Steroids in baseball…spirited. Lance Armstrong…spirited.Kid kicked out of the  national scrabble tournament for cheating…spirited (9). High school coaches running up scores and middle aged athletes bragging about things they have never done…spirited. Putting others down to build yourself up…spirited. Image over substance…spirited. Party line over seeking truth…spirited. Well, maybe there is a problem with being ruled by the spirited part of the soul after all.



Socrates identified this part of the soul as “learning-loving” or “wisdom-loving” (10, line 581b). Y’know, the part of the souls schools try to awaken with rubrics and jargon heavy lesson plans. Socrates used the phrase “dragged away…by force along the rough, steep, upward way” to describe someone being moved to the point of experiencing their highest nature (11, line 515e). Dragged, as in someone was forcing the individual to progress. Catering won’t get it done. This part of the soul can only be awakened with patience, diligence, and effort.

We love these mentors in movies. Meet such a person in life and they likely annoy the crap out of us. Forgive me as I show my age here, but it is one thing to cheer for Mr. Miyagi. It would be quite another thing to put up with him in real life. Paint your own &*%$@^& fence!


The Soul and Pleasure


Socrates stressed that each aspect of the soul sought, and experienced, pleasure. The true issue, as he saw it, was that the desiring part and the spirited part only saw value in the pleasure of their own domain. The learning part, however, sees pleasure in all of them but maintains a perspective that keeps that allows for balance and the hope of harmony. 

 The various aspects of the soul, however, don’t always work well together. For example one living intently from the spirited soul sees pleasure from money as vulgar but if learning doesn’t bring awards, notoriety, and acclaim then it is “smoke and nonsense”  (12, line 581d). I mean, if no one is telling you that you are the best then why do it? Meanwhile the desiring part wonders  if learning doesn’t get you paid…now….then what is the point? And, please, spare me your praise unless it comes with some kind of physical reward. (13, line 581d).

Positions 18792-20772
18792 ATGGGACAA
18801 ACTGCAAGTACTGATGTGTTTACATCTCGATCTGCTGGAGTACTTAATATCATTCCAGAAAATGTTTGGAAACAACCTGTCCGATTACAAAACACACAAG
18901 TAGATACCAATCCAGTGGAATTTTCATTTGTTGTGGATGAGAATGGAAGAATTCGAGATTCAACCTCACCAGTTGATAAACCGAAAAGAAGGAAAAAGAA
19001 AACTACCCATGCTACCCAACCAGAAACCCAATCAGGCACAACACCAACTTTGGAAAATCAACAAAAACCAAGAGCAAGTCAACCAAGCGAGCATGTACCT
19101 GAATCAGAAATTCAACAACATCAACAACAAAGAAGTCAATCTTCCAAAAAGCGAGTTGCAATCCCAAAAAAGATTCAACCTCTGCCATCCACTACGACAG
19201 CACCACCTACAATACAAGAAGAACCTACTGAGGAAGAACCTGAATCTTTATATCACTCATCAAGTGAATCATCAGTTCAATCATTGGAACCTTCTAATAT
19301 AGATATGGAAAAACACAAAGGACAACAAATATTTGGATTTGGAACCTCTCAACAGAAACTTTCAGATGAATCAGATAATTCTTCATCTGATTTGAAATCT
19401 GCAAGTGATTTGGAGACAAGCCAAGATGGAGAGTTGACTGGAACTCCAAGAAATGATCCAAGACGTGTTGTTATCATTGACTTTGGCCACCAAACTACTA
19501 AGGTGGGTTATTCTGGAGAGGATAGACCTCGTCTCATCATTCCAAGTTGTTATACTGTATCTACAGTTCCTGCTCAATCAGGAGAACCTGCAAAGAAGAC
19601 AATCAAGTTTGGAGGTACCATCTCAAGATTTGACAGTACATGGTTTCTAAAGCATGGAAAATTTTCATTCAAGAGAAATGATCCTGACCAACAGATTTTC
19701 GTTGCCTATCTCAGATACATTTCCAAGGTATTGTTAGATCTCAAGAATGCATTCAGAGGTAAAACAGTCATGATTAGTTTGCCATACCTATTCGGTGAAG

And schools, well, they certainly can proclaim high-minded ideals but what do they model? What part of soul is fed in education? In you classroom? In mine? Can you build a love of learning by feeding the other parts? What is the unspoken curriculum of the school your students walk through every day? Moreover, what kind of behaviors do we encourage young people to carry into adulthood? Socrates noted that too many people in a country who are dominated by desiring or spirited aspects of the soul leads to “war-like” men and “lover{s} of gain” and “money makers” incapable of appreciating love of wisdom and learning (14, line 583a).

Back to Erasmus: A simple prayer

St. Socrates pray for us that we may grope until we find a method of making love of learning appealing in its own right. That we live praiseworthy lives while not seeking praise. That we should laud only that which is worthy of lauding. That we be worthy of the victories we win and noble enough to bear the burden of the defeats we suffer. That we have the audacity to pursue wisdom and  compassion while, hopefully, leaving the paths we walk just a little better by our passing.

(1) Aeschliman, M. (2007). Why We Always Need Socrates: Some Unfashionable, Unprogressive Thoughts on Teachers, Teaching, Curriculum. and the Theory of Knowledge, with Reference and Thanks to Socrates, Pascal, and C.S. Lewis. Journal of Education, Vol 188.3, p 31.

(2) Erasmus, Ten Colloquies, trans. Craig R. Thompson (New York: MacMillan, 1986), 158.


(4) ibid.

(5) ibid.

(6) Needleman, J. The American Soul: Rediscovering the Wisdom of the Founders (New York, Penguin, 2002), 6.


(8) ibid.

(9)I’m not making that up.


(11) ibid

(12) ibid.

(13) ibid.

(14) ibid.